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Samurai Sushi owners sell to long-time staff

Creekside location rebrands to Samurai Bowl

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Samurai Sushi, a beloved locals' institution for nearly two decades, is officially changing hands. Co-owner Ru Mehta confirmed last week that the Nesters and Creekside locations were in the process of being sold to long-time staff. (The Squamish location will continue to be operated by the current ownership.)

For Mehta and fellow owner Yasu Ida, it was essential that the business went to someone in the Samurai Sushi family who understood the restaurant's underlying philosophy.

"It was important for us to sell it to staff," he explained. "It is nice to keep it local and have people that you know and trust operating the business."

Taking over operations will be 34-year-old Evan Choi and 36-year-old Takuya Ota, Samurai Sushi staff who have worked in the kitchen off and on for the past 10 years. Mehta said for a long time the intention had been to sell some of the restaurant's shares to staff, and when staffing shortages got ownership thinking about rebranding the Creekside location—which officially had its soft opening last week as Samurai Bowl—Mehta said it made more sense just to turn over the entire operation.

"As we got into it and looked at it, we just decided it would make a smoother transition if we stepped out of the way and let them do it their way," noted Mehta, adding that he and Ida will help with the transition over the coming months.

Choi said he is looking forward to running the ship alongside his close friend, Ota.

"We had really good relationship between owners, managers and staff for last 10 years. I realized this is the best business, best coworkers, best owners I ever seen. That's why we decided to take over the business," he said.

While the owners are solidifying the new menu at Creekside, which at the moment includes Thai- and Japanese-style curries, ramen, and a Canadian spin on Korean bibimbap, Choi said he doesn't plan to change much at the flagship Nesters location—including its longstanding commitment to quick service and affordable pricing.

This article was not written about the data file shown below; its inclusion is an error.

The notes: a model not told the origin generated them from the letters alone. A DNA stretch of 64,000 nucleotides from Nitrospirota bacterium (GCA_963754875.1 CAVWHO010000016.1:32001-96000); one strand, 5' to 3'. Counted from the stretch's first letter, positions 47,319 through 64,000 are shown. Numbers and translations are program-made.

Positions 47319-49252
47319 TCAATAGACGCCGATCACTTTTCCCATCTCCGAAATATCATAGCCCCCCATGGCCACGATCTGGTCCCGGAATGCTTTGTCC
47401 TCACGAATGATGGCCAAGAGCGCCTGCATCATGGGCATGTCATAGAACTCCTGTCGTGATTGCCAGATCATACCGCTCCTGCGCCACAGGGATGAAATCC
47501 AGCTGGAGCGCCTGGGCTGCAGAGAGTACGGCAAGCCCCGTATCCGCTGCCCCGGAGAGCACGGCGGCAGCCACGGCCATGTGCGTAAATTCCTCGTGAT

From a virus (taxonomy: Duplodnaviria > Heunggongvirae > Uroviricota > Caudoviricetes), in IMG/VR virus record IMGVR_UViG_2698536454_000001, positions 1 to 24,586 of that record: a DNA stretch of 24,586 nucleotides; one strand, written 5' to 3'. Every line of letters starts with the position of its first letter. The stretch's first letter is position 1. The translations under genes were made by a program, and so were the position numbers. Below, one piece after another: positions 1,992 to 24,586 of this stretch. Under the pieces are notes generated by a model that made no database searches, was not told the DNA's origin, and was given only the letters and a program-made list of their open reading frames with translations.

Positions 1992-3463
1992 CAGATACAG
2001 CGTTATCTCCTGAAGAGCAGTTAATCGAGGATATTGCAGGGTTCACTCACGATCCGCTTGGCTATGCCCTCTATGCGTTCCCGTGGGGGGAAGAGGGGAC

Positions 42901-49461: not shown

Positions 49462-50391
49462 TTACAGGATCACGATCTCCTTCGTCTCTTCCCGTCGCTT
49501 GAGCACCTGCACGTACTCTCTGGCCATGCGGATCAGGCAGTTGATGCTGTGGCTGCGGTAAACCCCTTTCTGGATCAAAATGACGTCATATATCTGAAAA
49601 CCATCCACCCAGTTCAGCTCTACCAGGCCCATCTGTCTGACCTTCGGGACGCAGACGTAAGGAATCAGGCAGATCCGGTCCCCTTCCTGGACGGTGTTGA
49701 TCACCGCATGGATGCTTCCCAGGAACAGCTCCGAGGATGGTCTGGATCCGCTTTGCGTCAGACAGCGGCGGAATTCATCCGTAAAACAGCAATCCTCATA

"Nesters, we don't want to change a lot of things; I don't think we really need to," he said.

Keeping the business in-house was a way for Mehta and Ida to pay it forward after their time working at Teppan Village, the Japanese steakhouse overlooking Mountain Square.*

"Yasu and I bought Teppan Village from the owners when we were staff and they fronted us the money. Then when we sold (Samurai Sushi), we sold to staff and fronted them the money, so it was the same thing again," he recalled.

Looking back on the 17 years since opening the original Nesters location, Mehta said, despite the challenges, he considers Samurai Sushi as "a gift."

"It allowed me to stay in Whistler all these years and make a good living. If people liked it, that's awesome and feels good, but it was just an idea we had that we ran with and did it. It's also important to us to hand it over to the right people so it could keep going. But definitely, it's time to let it go," he reflected. "We even said this to the new owners: there's room for improvement, because the last few years as owners, we've just been gliding along. It was time to give it some new blood and some new life. That feels good, too."

For more information, visit whistlersamuraisushi.com.

*An earlier version of this article incorrectly stated that Teppan Vilage had closed. It is, in fact, still open, at 4293 Mountain Square. Pique apologizes for the error.

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